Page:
6 Phoenician (i.e., white) immigrants (Hall 1995), the Stalinist narrative of the primordial and superior Slavs (Shnirelman 1995), or the more recent assigning of ethnicities to the archaeological record in the Balkans to lay claim to disputed territories and justify ethnic purges (Kaiser 1995). These are extreme examples to be sure, but they are by no means unique or even unusual. As E.J. Hobsbawn has so eloquently stated, historians are to nationalism what poppygrowers in Pakistan are to heroin-addicts: we supply the essential raw material for the market (in Jones & Graves-Brown 1996: 1). By embracing the ambiguity of the archaeological record and the multiple interpretations that it allows, instead of searching for a one-sided, reductionist narrative, archaeologists can actually limit such abuses of the past by taking an impartial and even self-critiquing position on the archaeological record.

The Mummies of Xinjiang: Three Narratives From the West The archaeology of western China (or eastern Central Asia, depending on where your loyalties lie) was catapulted into the media limelight in the mid-1990s with the unveiling of the Bronze and Iron Age mummies (actually naturally-desiccated corpses) from various regional museums of Xinjiang Province (e.g., Mair 1995a).


Since then, the mummies have become the focus of much popular and academic attention due to their Caucasoid, Western, and European physical appearance (i.e., fair hair, long nose, elongated skulls, high cranial vaults, etc.), the incredible preservation of their clothing and grave goods, and their surprising antiquity (ca. 2000-200 BCE) (see Barber 1999 or Mallory & Mair 2000 for photographs). While a full review of the archaeological literature on the Xinjiang Province is unnecessary in light of the excellent syntheses presented by Chen & Hiebert (1995),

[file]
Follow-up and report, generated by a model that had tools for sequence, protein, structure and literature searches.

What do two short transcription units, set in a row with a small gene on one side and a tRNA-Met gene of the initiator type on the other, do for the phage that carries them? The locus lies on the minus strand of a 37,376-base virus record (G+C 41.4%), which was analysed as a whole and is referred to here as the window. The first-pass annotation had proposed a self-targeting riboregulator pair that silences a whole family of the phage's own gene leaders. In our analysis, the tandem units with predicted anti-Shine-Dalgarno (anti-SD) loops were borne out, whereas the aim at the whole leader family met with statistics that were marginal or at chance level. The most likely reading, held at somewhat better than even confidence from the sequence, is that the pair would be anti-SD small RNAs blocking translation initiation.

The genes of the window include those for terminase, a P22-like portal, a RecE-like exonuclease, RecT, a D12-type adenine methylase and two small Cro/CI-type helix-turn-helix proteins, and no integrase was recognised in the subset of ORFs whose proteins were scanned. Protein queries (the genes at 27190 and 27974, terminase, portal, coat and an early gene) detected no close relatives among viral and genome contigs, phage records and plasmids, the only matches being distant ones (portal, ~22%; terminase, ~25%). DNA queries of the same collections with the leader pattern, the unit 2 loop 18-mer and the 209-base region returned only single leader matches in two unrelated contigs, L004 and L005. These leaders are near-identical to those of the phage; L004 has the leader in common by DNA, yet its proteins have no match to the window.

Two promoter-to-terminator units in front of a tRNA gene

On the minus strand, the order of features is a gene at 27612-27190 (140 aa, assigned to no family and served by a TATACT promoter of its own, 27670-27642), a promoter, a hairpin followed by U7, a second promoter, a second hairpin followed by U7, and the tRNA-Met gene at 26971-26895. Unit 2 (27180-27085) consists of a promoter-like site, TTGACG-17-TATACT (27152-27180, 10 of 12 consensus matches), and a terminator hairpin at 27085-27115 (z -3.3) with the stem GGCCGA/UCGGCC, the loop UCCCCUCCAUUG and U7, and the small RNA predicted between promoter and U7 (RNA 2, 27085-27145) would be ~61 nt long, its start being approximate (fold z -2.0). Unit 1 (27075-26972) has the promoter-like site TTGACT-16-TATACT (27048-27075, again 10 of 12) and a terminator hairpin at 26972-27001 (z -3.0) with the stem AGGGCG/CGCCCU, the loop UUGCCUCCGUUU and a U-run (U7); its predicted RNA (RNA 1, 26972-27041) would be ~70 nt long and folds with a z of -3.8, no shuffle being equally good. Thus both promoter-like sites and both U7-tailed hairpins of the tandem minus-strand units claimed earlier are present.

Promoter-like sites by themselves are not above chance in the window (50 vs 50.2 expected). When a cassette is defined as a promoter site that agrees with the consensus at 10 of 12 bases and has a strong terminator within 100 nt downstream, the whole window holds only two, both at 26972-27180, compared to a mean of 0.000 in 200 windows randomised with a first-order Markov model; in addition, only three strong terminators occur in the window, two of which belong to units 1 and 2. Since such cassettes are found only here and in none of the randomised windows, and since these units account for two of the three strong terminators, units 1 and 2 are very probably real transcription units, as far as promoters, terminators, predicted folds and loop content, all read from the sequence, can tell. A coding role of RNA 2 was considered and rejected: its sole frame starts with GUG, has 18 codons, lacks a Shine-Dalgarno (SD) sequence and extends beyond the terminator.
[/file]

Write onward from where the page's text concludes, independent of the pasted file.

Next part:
7 Wang (2001), and in the collection of papers edited by Mair (1998), it is important to elucidate the reasoning behind such controversial claims. The argument for a Western origin of the Xinjiang mummies derives from three lines of inquiry. First, there is the physical anthropology evidence.


Besides the Caucasoid features reported by many observers1 (e.g., Mair 1995b), a number of craniometric studies have been carried out by both Chinese and Western scholars, which supposedly demonstrate the more westerly physiognomy, of the early inhabitants of this region (e.g., Han 1998; Hemphill & Mallory in press). Perhaps more importantly, a recent reassessment by Brian Hemphill has shown greater cranial similarities from the Bronze Age to the Han Period within particular regions of Central Asia than between these areas, despite changing cultural contexts (Hemphill & Mallory in press). Whether such continuity in the craniometric record is indicative of shared ancestry or environmentally selected traits is uncertain, but the regionalization of physical traits is undoubtedly of some importance in discussions of identity. Of course, the use of skeletal measurements for deriving genetic ancestry has its methodological weaknesses and is politically controversial (see Cartmill 1999 for review). However, its prevalence in the literature has nevertheless had an important influence on archaeological interpretations. Of perhaps greater importance than the physical data to the majority of researchers interested in this region is the linguistic evidence.


But see Day (2001: 353), who suggests that Western features such as fair hair could be the result of taphonomic processes.